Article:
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close this book Food Composition Data: A User's Perspective (1987)
close this folder The uses of food composition data
close this folder Need for a standardized nutrient data base in epidemiologic studies
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View the document Introduction
View the document Limitations of diet-related epidemiologic studies
View the document Factors influencing diet-related epidemiologic studies, using diet and colon cancer studies as an illustration
View the document Some potential problems with incomplete and non-standardized nutrient data bases
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Factors influencing diet-related epidemiologic studies, using diet and colon cancer studies as an illustration

Factors influencing diet-related epidemiologic studies, using diet and colon cancer studies as an illustration

Searching on the key words "diet or dietary" and "colon cancer," "colonic neoplasms," or "sigmoid neoplasms," a MEDLINE literature search yielded 166 citations dating back to 1980. Twenty-six or 16 per cent of these studies were population-based or epidemiologic in nature. Thirty-three population-based studies reported after 1977 were identified by cross-referencing colon cancer with dietary risk factors. These studies have been summarized in table 1. The studies have been grouped according to the most commonly cited dietary risk/protective factors: dietary fibre, fat/meat, beer/alcohol, and cruciferous vegetables. The headings in table 1 list major components of epidemiological studies, each of which can effect the outcome of the study. The major types of study design as seen in the table are: ecological and food disappearance studies, retrospective (case-control) studies, cross-sectional surveys, and prospective (cohort) studies. In addition to choosing the appropriate study design, the investigator must also decide how to collect dietary information.

Though there are many variations of each, there are four basic dietary data collection tools: diet diaries, diet recalls, diet histories, and food frequencies. If data on specific food or foodgroup intake or availability is obtained for individuals or groups. the information can be transformed into nutrient intake by interfacing the food intake data of study respondents with a food composition data base.

Each technique has inherent strengths and weaknesses. Retrospective data collection methods are subject to respondent memory bias while diary methods tend to distort usual intake patterns. In addition these standard methods measure different aspects of dietary intake. Therefore there will be differences in study outcome depending on the food-intake datacollection instrument chosen. (Notice that all four intake tools were employed in the studies reported in table!.)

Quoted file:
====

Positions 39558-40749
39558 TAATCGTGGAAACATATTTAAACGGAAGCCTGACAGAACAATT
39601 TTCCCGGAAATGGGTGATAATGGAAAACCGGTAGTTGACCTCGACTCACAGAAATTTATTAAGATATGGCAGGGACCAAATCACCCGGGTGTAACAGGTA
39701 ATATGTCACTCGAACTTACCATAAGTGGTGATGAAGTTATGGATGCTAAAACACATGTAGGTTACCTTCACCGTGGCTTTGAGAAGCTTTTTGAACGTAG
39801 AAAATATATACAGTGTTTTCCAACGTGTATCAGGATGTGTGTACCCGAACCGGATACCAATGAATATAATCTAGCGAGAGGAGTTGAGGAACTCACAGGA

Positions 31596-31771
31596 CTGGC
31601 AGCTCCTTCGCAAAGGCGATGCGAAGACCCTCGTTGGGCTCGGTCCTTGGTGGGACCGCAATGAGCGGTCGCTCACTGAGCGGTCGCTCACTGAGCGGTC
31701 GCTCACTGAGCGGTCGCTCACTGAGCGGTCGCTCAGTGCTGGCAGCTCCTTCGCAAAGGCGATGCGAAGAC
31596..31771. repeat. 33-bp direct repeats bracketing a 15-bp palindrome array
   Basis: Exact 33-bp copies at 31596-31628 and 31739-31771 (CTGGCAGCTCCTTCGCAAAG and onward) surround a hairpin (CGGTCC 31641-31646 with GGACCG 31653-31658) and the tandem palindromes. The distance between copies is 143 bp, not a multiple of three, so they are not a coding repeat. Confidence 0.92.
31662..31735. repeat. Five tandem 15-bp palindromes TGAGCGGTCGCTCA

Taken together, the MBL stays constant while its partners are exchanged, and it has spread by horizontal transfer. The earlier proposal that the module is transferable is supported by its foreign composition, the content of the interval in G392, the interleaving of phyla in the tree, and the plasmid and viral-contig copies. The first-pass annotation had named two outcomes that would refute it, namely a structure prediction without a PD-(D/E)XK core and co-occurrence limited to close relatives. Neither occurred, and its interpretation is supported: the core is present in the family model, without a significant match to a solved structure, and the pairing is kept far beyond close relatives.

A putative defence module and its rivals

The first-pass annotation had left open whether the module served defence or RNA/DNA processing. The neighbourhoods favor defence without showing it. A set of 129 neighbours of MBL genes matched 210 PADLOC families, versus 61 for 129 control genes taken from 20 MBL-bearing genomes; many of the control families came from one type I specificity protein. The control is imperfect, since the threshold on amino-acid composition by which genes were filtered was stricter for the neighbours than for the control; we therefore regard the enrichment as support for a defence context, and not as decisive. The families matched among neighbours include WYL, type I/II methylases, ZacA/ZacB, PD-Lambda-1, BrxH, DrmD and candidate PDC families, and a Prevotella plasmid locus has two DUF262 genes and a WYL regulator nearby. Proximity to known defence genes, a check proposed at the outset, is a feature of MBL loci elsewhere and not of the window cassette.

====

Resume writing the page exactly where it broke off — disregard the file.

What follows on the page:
The type of food or nutrient data base selected is dependent on the study design, the data collection method, the study objectives, and the endpoints to be measured. However, a lack of standardized definitions of dietary study variables has been a major weakness in interpreting study outcomes. Definition has presented problems for developing standardized food names as well as for food composition tables. For example, dietary fibre, the first risk factor listed in table 1, is a complex of a number of physically and chemically different entities found in foods. They include cellulose, hemicellulose, lignins, pectins, and gums, and the ratio of these materials varies in fibre-containing foods. Until recently, data bases reported only crude fibre values, in which food samples were subjected to strong acid and then alkali solutions. These values are not equivalent to dietary fibre, which is the residue of undigested food.

The last column in the table describes the outcome or risk-factor association found in the studies. Drawing correct conclusions from the data concerning the strength of association of study variables and the attributable risk for diseases is dependent on choosing appropriate statistical tests. In addition one must control for confounding variables and adjust for covariables. Unlike other clinical or laboratory studies, epidemiological studies are based mainly on relative rather than absolute differences of risk factors between exposed and unexposed groups. However, these studies lose power if real differences exist in the nutrient content of foods consumed by different population groups. This problem is analogous to regressing to the mean by not utilizing significant differences in food composition consumed by study populations. Increasing the power of a study is important, since the influence of diet is often obscured by stronger overriding etiological factors encountered in multi-etiological chronic disease studies. Also, epidemiologic methods and techniques are sometimes inadequate or inappropriate for the evaluation of diet and disease relationships, especially if one assumes that nutrient variables are independent of other dietary or environmental factors. Furthermore, much of the confusion in outcomes of diet-related epidemiologic research may stem from inappropriately comparing studies that differ in design, analytical techniques, or food composition data bases.